n 2013 I had the great delight of visiting the Hannah Peschar Sculpture Garden.
I would firstly like to thank and credit the Artists and creators of these wonderful Sculptures and apologies for not knowing their names.
Heralded as the first of it’s kind in the UK, The Hannah Peschar Sculpture Garden has been proudly exhibiting contemporary sculpture in a unique and magical environment for over 30 years.
One of my favourite places in Vietnam was the hilll station town of Da Lat. Cool and friendly I enjoyed the atmosphere of the town and this utterly crazy and weird guesthouse. Yes you can stay in it and you can just look around if you want to. Very Hansel and Gretal!
Wat Sala Loi, built in 1827 by Thao Suranari and her husband. The highlight to visit here is to see The ancient convocation hall. The hall inside the temple is in an applied Thai style in the shape of a junk riding the waves, the buildings was decorated by local Dan Kwian clay tiles to tell the life of Lord Buddha. The door is made of metal with raised designs of the Buddhist tale and the hall houses a large standing white Buddha image.
In 2007 I visited India in the Rajistan region. During my search for the famous Hevelis I visited Shekhawati, Nawalgarh, Mandawa, Jhunjuno, Fatephur and Dunlod. This slideshow is the collection from all these locations. They were all in different conditions ranging from derelict and falling down to part lived in to completely restored. I have tried to reflect this in my selection of images and even put a couple of images of the restoration drawings put on the walls to guide the artists during restoration. Haveli- Is a huge private mansion in India or Pakistan. The Rajasthani havelis were constructed by the wealthy Marwari community in the Shekhawati region of Rajasthan in the 19th century. A haveli typically has two courtyards one for the men and the inner one for the women, the walls were adorned with beautiful colourful frescoes painted by commissioned artists. The themes were usually images of Gods, Goddesses & animals. Mandawa, Ramgarh, Fatehpur are dusty little towns in the Shekhawati area that have many old havelis, which in their glorious days would have been a treat to the eyes, but even today have not lost their timeless beauty. A handful of these havelis are being restored and given a new lease of life by private organizations, historians & architects. Some of them have been converted into heritage hotels.
Sanjao Posuea ( ศาลเจ้าพ่อเสือ ) 171, Soi 5, Thaosura Rd ; Tel 044 259246
This is clearly the biggest and most richly decorated Sanjao you can visit in Korat. It is made up of a main building, quite spacious and with several internal shrines, plus five or six more external shrines (one of them placed on a second floor), a votive pole, an incineretor, and other votive objects and accessories. It is found outside the eastern city gate, on a lane extending to the east into the homonymous community.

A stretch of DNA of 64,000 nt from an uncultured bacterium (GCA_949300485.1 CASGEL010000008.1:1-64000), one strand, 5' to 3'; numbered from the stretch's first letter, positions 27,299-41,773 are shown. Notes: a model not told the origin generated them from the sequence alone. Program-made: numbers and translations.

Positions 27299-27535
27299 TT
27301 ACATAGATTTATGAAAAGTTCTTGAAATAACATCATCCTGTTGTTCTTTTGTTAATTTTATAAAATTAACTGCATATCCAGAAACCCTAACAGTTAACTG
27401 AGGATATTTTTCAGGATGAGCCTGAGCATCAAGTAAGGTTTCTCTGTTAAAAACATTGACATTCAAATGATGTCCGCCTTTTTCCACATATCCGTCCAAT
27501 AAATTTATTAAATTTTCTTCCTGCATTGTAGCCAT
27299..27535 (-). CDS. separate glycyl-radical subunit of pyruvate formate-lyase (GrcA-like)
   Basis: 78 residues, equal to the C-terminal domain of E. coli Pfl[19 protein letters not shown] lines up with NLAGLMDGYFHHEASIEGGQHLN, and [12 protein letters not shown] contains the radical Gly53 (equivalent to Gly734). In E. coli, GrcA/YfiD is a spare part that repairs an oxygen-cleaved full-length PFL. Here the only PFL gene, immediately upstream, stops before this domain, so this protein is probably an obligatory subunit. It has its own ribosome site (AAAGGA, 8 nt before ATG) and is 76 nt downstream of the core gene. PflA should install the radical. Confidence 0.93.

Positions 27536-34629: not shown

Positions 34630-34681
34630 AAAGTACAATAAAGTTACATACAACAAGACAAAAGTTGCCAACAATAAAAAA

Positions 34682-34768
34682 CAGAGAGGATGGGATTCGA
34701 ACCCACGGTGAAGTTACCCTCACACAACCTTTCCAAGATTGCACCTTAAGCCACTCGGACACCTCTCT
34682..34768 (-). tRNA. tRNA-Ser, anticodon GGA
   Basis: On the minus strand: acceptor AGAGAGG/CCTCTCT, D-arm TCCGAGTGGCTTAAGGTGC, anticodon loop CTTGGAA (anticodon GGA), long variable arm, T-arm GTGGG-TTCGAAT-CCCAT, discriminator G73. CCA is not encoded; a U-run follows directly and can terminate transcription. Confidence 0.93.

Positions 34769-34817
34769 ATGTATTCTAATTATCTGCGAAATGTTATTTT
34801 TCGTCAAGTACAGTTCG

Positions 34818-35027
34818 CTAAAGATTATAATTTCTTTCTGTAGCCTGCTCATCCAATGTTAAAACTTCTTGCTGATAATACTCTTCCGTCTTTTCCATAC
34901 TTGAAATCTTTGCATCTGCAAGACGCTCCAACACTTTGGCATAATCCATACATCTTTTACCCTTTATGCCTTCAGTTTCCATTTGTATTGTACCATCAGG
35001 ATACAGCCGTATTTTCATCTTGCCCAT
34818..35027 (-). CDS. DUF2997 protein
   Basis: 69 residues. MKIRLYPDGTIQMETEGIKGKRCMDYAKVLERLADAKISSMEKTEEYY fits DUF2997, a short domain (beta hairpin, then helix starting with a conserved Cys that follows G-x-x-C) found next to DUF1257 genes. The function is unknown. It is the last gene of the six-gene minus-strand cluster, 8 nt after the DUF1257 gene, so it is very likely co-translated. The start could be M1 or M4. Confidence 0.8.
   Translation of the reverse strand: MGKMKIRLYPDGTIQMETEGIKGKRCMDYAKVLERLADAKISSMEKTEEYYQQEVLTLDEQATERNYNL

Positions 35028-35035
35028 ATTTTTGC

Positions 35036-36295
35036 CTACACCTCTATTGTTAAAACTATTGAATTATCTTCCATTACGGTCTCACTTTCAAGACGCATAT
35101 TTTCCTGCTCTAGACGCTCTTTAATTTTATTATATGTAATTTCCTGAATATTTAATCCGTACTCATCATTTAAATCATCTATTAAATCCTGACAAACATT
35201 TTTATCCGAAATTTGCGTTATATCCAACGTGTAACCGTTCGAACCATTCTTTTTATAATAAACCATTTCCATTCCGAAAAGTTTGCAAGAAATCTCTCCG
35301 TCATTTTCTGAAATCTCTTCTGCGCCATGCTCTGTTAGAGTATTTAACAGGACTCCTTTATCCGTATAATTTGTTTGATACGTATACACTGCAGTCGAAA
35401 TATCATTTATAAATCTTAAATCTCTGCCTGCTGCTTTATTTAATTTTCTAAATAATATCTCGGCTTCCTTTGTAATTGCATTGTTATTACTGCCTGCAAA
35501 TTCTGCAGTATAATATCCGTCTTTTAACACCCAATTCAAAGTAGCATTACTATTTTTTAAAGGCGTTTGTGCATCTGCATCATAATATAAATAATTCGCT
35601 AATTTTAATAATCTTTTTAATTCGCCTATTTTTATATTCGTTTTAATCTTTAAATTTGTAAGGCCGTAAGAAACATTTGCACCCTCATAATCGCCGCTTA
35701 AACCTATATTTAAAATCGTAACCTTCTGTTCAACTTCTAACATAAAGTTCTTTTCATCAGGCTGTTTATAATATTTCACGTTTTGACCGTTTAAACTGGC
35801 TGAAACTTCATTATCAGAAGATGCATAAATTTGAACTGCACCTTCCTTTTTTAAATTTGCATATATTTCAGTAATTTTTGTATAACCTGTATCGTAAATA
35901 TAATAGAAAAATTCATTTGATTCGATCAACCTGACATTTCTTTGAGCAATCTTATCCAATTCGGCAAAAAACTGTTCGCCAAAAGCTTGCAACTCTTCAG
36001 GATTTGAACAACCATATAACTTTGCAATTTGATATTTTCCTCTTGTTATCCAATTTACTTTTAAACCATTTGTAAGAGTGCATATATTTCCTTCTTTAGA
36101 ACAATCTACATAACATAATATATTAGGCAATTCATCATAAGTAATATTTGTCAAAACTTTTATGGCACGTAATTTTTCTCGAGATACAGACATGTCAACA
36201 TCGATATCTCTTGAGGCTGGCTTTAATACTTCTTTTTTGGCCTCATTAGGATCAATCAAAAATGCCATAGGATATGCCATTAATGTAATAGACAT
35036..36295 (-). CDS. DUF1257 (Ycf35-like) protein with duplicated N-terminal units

Internal decorations, ornaments and objects in the main building are gorgeous and they, alone, deserve a visit. If you are lucky you can assist a particualr religious ceremony taking place inside. The full name includes also the words Tung Swaang ( ทุ่งสว่าง ).
During my stay in Bangkok during the funeral of King Rama 9 I visited the Erawan Museum on the edge of the city.
A fantastic place with an enormous three headed elephant on an equally gargantuan pedestal. Beautifully ornate and stunningly detailed inside you find two dragons curling their way round the interior of the building creating the spectacular stair case.
As you ascend through the three floors you are taken higher and closer to heaven where you can see a most amazing coloured stain glass ceiling. Above that yo reach the nirvana, or temple of Buddha with again such wonderful blue painted sky and gold adornments. Half way down yo can look out through a window (the elephants stomach) and see across Bangkok.
The Gardens are full of not only beautiful plants and flowers but also detailed Thai sculptures and water features. The Elephant itself weighs a hefty 250 tonnes and stands at 29 meters high and 39 meters long and made from Bronze.
The Thanjavur Maratha Palace Complex, known locally as Aranmanai, is the official residence of the Bhonsle family which ruled over the Tanjore region from 1674 to 1855 Tanjuvar Palace was built in 1636 by King Thirumalai Nayak with the help of an Italian Architect. The building we see today was the main Palace where the King lived. The original Palace Complex was four times bigger than the present structure. This palace consisted mainly of two parts, namely Swargavilasa and Rangavilasa. In these two parts, there are royal residence, theatre, shrine, apartments, armoury, palanquin place, royal bandstand, quarters, pond and garden. King Thirumalai Nayak celebrated festivals like Sceptre festival, Navarathri, Chithirai festival, Masi festival and the Float festival. He conducted daily dance and music performances in the palace. This palace was destroyed by his grandson Chokkanatha Nayak and the valuables were transferred to other places.